Edward Albee, probably the most important American playwright of his generation, has died. While I wouldn't say he quite matches the triumvirate of O'Neill, Williams and Miller, he's at the top of the next tier.
And he was truly a man of the theatre, sticking with it till the end, rarely venturing out to Hollywood or other literary endeavors. Of course, he comes from the Albee family that owned many vaudeville houses, so I guess the theatre was in his blood. (Actually, he was adopted, so maybe not his blood.)
The early work showed a lot of promise, but he was living in an age when true success still meant a Broadway production, and he got it with one of the most stunning debuts any playwright has ever had--Who's Afraid Of Virginia Woolf? in 1962. The original production, starring Uta Hagen, Arthur Hill, Melinda Dillon and George Grizzard, was more than just a hit, it was a landmark in Broadway history. When the movie version came out in 1966, starring Richard Burton and Elizabeth Taylor--and his script intact--it was also a highly-respected hit. (I'm not a fan--I think it loses too much of its impact on screen).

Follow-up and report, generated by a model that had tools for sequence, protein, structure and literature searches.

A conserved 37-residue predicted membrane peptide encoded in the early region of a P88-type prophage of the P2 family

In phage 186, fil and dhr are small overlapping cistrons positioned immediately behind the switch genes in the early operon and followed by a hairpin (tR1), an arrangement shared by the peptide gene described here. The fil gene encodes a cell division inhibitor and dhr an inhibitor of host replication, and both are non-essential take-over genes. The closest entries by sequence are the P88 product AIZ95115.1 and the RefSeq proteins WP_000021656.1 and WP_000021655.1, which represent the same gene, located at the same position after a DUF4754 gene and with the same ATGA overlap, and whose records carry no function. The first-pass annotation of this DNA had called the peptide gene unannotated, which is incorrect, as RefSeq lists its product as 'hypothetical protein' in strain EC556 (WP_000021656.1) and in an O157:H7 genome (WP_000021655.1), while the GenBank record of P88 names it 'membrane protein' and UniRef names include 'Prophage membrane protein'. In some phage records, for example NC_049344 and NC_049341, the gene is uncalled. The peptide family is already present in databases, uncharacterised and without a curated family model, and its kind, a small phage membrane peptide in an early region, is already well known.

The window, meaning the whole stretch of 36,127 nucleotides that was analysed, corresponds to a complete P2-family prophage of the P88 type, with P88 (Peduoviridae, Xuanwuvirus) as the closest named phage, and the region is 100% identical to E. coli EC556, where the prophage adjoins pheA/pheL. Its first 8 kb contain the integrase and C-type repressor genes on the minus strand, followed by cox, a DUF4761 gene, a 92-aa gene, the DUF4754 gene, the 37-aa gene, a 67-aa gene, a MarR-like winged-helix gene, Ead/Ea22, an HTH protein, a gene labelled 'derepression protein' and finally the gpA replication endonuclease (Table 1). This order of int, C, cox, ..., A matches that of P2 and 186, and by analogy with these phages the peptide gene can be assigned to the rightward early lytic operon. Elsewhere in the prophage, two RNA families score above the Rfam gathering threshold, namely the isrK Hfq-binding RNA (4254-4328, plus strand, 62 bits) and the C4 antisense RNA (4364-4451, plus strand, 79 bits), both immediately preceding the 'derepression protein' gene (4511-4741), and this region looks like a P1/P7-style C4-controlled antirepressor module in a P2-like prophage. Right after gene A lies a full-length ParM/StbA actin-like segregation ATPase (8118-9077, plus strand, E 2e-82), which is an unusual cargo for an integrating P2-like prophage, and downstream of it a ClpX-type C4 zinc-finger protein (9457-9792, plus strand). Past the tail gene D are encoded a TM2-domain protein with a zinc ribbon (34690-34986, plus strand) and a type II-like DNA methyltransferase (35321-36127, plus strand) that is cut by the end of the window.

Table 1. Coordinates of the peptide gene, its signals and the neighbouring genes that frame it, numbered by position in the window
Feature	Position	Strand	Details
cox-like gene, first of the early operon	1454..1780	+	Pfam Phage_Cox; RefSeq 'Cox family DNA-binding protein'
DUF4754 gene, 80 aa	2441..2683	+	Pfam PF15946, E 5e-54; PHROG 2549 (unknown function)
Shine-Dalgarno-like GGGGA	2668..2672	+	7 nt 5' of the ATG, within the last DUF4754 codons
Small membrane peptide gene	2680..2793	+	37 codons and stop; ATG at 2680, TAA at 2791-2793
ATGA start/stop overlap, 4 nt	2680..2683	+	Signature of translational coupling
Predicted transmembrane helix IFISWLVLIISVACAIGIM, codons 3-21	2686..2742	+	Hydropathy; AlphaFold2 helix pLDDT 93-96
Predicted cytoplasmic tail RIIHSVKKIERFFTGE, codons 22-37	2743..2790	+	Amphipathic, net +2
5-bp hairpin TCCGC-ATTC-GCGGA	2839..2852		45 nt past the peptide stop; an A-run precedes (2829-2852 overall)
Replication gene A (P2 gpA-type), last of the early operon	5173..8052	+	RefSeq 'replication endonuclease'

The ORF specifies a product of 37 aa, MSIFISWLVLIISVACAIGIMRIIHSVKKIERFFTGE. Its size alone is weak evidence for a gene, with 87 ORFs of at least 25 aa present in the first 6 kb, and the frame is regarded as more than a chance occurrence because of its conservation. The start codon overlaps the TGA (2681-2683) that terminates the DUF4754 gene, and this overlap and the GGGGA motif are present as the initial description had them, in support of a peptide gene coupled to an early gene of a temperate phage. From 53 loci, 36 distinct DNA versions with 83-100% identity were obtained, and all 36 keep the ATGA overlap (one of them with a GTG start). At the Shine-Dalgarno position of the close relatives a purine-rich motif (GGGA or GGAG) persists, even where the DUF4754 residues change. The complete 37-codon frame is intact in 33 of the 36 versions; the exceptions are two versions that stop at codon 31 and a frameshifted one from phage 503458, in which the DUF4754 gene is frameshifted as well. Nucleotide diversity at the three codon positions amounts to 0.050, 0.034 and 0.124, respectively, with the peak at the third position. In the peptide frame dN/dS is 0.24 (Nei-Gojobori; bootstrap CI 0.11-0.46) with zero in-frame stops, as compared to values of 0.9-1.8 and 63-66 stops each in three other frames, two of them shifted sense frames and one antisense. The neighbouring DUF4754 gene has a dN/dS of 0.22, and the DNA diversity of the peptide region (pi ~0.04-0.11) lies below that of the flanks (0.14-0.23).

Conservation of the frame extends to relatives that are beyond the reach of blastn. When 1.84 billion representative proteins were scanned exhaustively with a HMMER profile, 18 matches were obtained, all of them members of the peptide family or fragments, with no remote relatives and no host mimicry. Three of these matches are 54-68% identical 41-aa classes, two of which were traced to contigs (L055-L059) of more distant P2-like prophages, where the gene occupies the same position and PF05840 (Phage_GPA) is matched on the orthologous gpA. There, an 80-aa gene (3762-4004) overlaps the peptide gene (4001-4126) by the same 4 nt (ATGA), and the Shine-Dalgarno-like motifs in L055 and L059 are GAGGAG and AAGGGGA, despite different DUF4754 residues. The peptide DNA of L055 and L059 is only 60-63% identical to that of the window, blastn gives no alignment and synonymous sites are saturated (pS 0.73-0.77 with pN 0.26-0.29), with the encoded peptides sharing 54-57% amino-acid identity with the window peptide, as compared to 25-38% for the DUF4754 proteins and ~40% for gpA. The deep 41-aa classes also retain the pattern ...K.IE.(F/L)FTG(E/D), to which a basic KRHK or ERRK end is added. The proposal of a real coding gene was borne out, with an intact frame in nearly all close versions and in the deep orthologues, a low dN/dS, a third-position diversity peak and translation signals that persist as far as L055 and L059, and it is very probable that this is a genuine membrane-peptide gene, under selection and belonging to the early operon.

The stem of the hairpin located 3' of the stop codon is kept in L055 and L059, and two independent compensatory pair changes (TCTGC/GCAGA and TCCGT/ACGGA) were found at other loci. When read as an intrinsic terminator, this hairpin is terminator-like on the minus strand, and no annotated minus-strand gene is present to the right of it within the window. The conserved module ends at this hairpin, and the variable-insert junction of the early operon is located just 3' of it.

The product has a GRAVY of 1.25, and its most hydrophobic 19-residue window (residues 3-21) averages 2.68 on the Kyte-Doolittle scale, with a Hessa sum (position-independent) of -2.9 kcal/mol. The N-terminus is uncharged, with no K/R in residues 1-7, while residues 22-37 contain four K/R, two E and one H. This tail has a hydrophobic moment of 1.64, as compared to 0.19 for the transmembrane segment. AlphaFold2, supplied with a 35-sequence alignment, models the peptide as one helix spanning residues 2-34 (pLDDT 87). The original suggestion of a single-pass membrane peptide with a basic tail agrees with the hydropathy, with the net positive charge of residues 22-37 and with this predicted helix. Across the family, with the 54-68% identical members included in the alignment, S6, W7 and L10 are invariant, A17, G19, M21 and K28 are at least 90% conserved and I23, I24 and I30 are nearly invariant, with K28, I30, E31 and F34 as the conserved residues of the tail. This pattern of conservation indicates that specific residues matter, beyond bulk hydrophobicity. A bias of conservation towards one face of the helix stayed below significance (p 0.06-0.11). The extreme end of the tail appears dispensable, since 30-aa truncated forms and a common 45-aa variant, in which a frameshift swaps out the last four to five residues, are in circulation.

His next original Broadway production, starring John Gielgud and Irene Worth, was the highly symbolic Tiny Alice, which has its champions, though I find it inert and pretentious. Better was his next production, A Delicate Balance, starring Hume Cronyn, Jessica Tandy and Albee favorite Marian Seldes. It's about the existential terror felt by the upper middle class (sounds charming, no?). This play won the Pulitzer, though many feel it was given to make up for Virginia Woolf.
In the 1980s he had more productions of original work--The Lady From Dubuque (1980) and The Man Who Had Three Arms (1983)--but they flopped, and Albee started to seem like a figure from the past.
Then, in the 1990s, he wrote Three Tall Women, about three women of different ages (or three aspects of one woman). The play did not make it to Broadway, but became successful nevertheless, with major productions around the world. (It helped that it was cheap to stage and had good parts for women.) The play, more personal than usual, and easier to relate to than the previous decade's work, put Albee back on top. It also won him his third Pulitzer Prize.
That was his last original play on Broadway, but in his last decade or so the Great White Way featured no less than four revivals of his work. With plays that have great parts of actors, and still holds the stage, it's a good bet his work will live on for a long time.